MHMS replies to overload & bed shortage at NRH


The Ministry of Health and Medical Services (MHMS) would like to inform that it is fully aware of issues of overcrowding and bed shortages at the Accidents and Emergency Department (AED) and it is working hard and closely with the National Referral Hospital (NRH) management to address the issue.
First, the Ministry wish to acknowledge the hardworking doctors and nurses at the ED who have had to attend at times to high numbers of sick patients and sympathize with the patients and their caregivers who in peak times, had to resort to the floors to rest and wait long hours before being attended by the doctors.
While there are several contributing factors internal and external leading to this situation, the ministry is working tirelessly to address the matter from assessing the bottlenecks to development of an action plan to address the matter.
Thus, pleased to inform that the hospital for the first time now has a Bed and Patient Taskforce Committee established with the purpose of managing the bed and patient flow within the hospital to ensure minimal time as much as possible from initial examination at ED, to admittance to the wards and discharge. Their tasks involve obtaining overnight the number of patients that needs to be admitted and check all wards for the beds. They also help various departments within the hospital identify beds and help to ensure smooth and swift discharges from the hospital to allow movement and transfer of patients into the wards.
The NRH medical laboratory is now operating on 24 hours basis to enable the doctors to make the diagnosis early and make a plan for medical management of the patients. In that case, the aptient can be discharged early, if fit to do so.
A customer patient care service is in place and ready for roll out at the AED. There will be additional staff both nursing and non- skilled staff to help coordinate patient and non- patient movements at the department. They will basically direct patients to their appropriate clinics, and ensure they are seen by their doctors in a timely manner and help with their comforts on wheel chairs and beds.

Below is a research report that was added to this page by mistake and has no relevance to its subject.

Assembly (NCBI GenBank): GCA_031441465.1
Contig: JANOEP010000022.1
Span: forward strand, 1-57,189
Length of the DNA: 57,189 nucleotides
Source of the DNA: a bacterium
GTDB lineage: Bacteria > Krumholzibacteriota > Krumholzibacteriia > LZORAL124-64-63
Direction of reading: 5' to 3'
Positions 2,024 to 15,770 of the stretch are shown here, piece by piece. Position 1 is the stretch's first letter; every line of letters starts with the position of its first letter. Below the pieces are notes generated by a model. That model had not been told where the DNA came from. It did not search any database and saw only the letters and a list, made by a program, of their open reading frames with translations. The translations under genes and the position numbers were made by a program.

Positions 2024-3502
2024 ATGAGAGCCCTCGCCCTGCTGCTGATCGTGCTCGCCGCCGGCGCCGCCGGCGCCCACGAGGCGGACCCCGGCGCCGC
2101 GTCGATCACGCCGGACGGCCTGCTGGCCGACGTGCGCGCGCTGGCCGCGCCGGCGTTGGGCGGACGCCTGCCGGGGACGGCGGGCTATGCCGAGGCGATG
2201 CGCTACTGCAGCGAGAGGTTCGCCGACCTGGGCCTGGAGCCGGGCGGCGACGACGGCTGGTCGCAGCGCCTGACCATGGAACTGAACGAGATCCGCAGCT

All departments are also requested to develop their inpatient protocol, which involves accepted length of stay at the hospital wards for a particular sickness in lines with the principles of managed care. Reasons for any extended stay at the hospital will be flagged to the doctors and nurses. Patient discharges will be done no later than 10am each day with clear discharge, medication and follow up plan. Reducing the length of stay of the patients will not only ensure bed availability but also ensure that there are less chances of hospital acquired infections which could further prolong the stay of the people.
Stringent measures to control overcrowding at the AED will be implemented to prevent people from just walking in as always is the case, making it difficult for doctors and nurses to manage patients with diligent and care with duress.
With discharged patients, there is also delays due to waiting on beds for take home medication and transport. This will soon change as two areas have been identified and will be secured and cordoned for patients straight after their discharge.
Other internal short term measures include, creation of additional bed spaces at the hospital with plans in place for 71 potential additional beds. In the long -run, a new hospital to be built as per the NRH business case which is also in progress.
With regards to external measures, the ministry will be consulting with the Honiara City Council (HCC) and Guadalcanal Province for HCC and Guadalcanal clinics to be opened at the weekends to prevent influx of people to the NRH emergency during the weekend which cause crowding in the hospital especially during the weekend.
As part of our efforts to restrict the patients coming into the NRH, we have strengthened Good Samaritan Hospital, X-Rays can now be done there, a laboratory will be functional very soon and talks are ongoing with the hospital to provide isolation beds at the GSH.
The patient flow has also increased because of closure of Kukum clinic and talks are ongoing with the HCC to identify alternate health facility to attend the patients after clinic hours. Work on Naha birthing centre is in progress.
With this, the Ministry is urging the public to minimize as much as possible visitors to the hospital including caregivers to care for the sick. Space is vital in the operations of the hospital especially with the discharge of duties of doctors and nurses. Whilst we work on sorting out waiting area for discharged patients, we kindly request that patients prepare well in advance transport after being notified of the time they will be discharged so beds can be freed up as soon as possible. The patients are also advised to seek medical care early to prevent hospitalization, adhere to other good habits to prevent disease and seek hospital care only if they need it. Please access services at the clinics who will guide you whether you need to go to the hospital. The AED is for acute cases needing intervention at the hospital and for routine diseases which do not require hospitalization, one must try to avoid coming there.
While these measures some in place and others still in progress, it may take time before situation improves nevertheless the Ministry and the National Referral Hospital once again assures the public that it is giving all its best to improve the situation.


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